Herbert Harrigan would have been a dead asset if she wasn’t traded from Minnesota and otherwise cut in training camp. Instead, Reeve took a play out of Presti’s playbook, allowing it to leave with one of the most promising 2023 draft hauls.

So who is Maïa Hirsch? What makes her a unique prospect? And why is this late first-round pick such a significant piece for the Lynx’s future?

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Minnesota’s long-term upside play

Hirsch is in her first season with Villeneuve-d’Ascq, a top club in the first division in France. She has been a rare defender for her age, with the ability to provide value in various ball screen coverages: the 6’5 center can blitz, hedge and recover, defend at the level, drop, and ICE offensive players thanks to her low center of gravity and light feet. Off the ball, she covers a lot of ground on closeouts, and is very good tagging and trapping the box. Her ability to navigate space and positioning stands out, contributing to excellent shot-contesting. Though she can sometimes be a bit handsy on defense, that is expected for a post who’s both incredibly active and young. Another notable limitation is her tendency to face her assignment while chasing, which neuters her ability to provide help.

On offense, she’s a good team passer and has a fluid catch-and-shoot jumper, even if her footwork leaves something to be desired. Hirsch has incredible touch as a finisher on the short roll, although she’s been poor at drawing fouls. Her cutting instincts are quite good, as is her feel for off-ball movement, though she can be aimless on the backside at times. Whether she has a post game is unclear; Villeneuve basically never asked her to create offense.

Given the WNBA’s prioritization rules, if Hirsch was a domestic prospect, she is likely not on the board at No. 12.

For instance, only four French-born players suited up in the 2022 WNBA season, with the French League schedule running until late May.

On the other hand, there are real benefits to being a draft-and-stash prospect in the current WNBA climate. Unlike the NBA, the WNBA doesn’t have a firm development structure with G-League affiliates and two-way contracts that allow young players to come along slowly. In the WNBA, there are 144 roster spots; in most cases, it’s even less than that.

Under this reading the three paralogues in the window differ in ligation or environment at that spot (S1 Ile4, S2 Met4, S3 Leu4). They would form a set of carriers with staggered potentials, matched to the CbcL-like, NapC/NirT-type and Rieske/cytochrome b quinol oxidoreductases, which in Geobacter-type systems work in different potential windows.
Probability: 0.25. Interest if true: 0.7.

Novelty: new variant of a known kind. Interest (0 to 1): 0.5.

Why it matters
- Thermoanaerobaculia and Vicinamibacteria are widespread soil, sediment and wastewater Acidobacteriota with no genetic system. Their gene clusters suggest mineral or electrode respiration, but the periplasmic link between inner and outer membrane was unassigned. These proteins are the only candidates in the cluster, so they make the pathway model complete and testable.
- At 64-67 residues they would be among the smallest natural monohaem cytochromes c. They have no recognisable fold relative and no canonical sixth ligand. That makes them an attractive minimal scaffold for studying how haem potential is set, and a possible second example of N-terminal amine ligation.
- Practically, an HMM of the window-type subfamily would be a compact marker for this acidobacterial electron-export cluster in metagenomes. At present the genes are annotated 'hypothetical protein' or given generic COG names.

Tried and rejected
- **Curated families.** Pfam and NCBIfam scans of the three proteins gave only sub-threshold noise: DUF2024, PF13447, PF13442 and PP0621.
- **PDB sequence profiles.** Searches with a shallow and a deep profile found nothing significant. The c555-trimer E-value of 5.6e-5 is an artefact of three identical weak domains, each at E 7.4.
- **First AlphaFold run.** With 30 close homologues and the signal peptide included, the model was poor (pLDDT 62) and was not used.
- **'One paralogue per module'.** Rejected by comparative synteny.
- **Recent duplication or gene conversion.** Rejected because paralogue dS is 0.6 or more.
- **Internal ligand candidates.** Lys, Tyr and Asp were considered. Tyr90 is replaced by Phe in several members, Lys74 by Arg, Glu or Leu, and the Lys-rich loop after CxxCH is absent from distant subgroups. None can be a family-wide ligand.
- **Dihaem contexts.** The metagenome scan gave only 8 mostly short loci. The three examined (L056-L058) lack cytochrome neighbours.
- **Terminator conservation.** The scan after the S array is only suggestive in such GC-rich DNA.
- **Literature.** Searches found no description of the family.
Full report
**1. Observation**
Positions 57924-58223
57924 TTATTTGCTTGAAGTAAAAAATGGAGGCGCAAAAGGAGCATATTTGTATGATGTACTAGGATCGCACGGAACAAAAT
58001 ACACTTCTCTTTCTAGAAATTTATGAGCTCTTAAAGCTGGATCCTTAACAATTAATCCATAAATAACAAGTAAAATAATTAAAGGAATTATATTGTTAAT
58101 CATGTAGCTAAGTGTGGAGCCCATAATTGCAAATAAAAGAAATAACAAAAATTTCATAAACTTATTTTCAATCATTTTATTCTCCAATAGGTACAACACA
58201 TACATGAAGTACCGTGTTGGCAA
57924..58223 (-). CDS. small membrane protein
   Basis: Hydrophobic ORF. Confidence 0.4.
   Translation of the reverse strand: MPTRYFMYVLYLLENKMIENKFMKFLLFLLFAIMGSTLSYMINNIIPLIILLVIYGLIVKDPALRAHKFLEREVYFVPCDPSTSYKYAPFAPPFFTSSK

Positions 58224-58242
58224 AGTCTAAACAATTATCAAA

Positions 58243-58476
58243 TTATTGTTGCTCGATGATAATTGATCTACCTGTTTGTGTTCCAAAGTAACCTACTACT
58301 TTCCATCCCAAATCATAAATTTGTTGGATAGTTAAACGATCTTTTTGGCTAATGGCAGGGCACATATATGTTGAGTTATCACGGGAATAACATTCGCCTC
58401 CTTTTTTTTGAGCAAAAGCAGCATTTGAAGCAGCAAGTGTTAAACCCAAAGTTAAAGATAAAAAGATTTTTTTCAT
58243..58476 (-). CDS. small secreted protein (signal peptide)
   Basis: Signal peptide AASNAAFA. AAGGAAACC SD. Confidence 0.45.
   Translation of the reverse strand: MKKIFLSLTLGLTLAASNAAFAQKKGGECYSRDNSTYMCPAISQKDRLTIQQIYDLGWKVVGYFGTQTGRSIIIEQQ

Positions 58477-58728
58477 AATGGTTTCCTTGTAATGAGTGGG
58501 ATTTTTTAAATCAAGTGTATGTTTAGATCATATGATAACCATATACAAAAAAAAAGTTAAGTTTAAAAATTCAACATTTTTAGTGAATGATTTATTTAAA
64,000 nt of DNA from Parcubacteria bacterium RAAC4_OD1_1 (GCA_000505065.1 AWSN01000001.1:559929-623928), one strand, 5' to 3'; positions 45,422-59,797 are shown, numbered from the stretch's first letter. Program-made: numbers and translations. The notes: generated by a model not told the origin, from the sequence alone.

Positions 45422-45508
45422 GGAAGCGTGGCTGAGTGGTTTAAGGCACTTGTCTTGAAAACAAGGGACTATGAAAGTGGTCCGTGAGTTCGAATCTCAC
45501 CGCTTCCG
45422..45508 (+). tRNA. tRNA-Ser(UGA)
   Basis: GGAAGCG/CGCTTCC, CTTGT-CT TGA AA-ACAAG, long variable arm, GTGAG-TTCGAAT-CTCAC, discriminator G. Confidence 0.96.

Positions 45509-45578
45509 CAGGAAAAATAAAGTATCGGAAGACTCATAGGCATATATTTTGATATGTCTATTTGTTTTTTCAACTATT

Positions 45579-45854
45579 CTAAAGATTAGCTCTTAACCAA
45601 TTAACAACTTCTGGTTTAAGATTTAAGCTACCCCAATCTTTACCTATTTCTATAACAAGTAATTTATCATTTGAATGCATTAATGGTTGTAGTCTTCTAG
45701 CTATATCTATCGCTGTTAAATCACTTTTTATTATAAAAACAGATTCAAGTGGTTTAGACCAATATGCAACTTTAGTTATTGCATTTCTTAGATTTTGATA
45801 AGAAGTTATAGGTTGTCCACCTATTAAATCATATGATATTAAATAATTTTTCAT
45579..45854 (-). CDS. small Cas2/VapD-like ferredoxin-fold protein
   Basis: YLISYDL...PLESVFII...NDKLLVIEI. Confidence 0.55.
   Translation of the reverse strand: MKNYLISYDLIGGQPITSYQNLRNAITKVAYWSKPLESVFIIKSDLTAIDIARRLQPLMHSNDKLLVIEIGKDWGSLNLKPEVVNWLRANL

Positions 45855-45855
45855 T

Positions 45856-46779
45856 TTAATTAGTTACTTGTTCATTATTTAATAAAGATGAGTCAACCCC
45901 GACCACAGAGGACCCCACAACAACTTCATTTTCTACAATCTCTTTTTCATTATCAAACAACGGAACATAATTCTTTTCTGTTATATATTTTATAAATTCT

Hirsch’s club team will likely prioritize her long-term development more than a WNBA organization, where it’s easy for rookies to get lost in the shuffle due to the general need for short-term impact.

“We loved our interview with Maïa,” Reeves said. “A lot of things fell into place to move her from a place we were possibly considering with a second-round pick to the first-round based on continuing momentum… she’s just 19, she’s extremely passionate about playing in the WNBA, that energy was palpable.”

It’s unclear how long Hirsch will remain overseas, but there’s no doubt the Lynx will take it slowly and play the long game once again.

Written by Hunter Cruse

Hunter Cruse covers the Atlanta Dream and the WNBA Draft for The Next.


  1. Tim Daniels on April 23, 2023 at 7:14 pm

    Hi, Hunter. I thought it was a nice article that gave Reeve some deserved props for doing a pretty good job of managing team assets, while at the same time putting together largely veteran rosters to try to make a run at another championship while Sylvia Fowles, the last member of their “title” group, was still on the team. The team has now entered a new phase, and as a result of the work that Reeve has done over the years in basically rolling over draft picks, the team was able to have a pretty successful 2023 draft.

    The one concern that I have is that I am not at all sure how many draft picks can stick on the roster. I assume that Rachel Banham and Lindsay Allen both make the team. (They are the only players on the roster with any real experience running an offense, so that’s probably a good bet.) Tiffany Mitchell and McBride are both locks at the two spot, and I think that Powers, Bridget Carleton, and Diamond Miller can all be penciled in at the three. That’s seven spots that are pretty much guaranteed for before training camp begins. Add to those Napheesa Collier and Jess Shephard, and unless Dorka Juhasz has one heck of a camp and beats out either Dantas or Milic, I would be shocked if they don’t carry both Dantas and Milic as additional players capable of spending time in the post.

    Those eleven players totally eat up the team’s available cap room, so that they can at most carry one additional player on the roster and only for as long as Natalie Achonwa is out. (Fortunately, Natalie’s absence provides the team with the special “hardship” exception available to replace players on pregnancy leave. That means that the team can carry one of Juhasz, Beal or Soule, but only for as long as Achonwa’s out. They will have to create cap room to sign an additional rookie by cutting Banham, Allen, or possibly Dantas and then immediately re-signing the player who is cut using the special “hardship” exception.)

  2. Megan on April 24, 2023 at 1:11 am

    Tim. Yr comment seemed rather spot on with most things. If last season is any indication Banham, Milic and Allen will likely be switched in and out of the roster as needed to make space.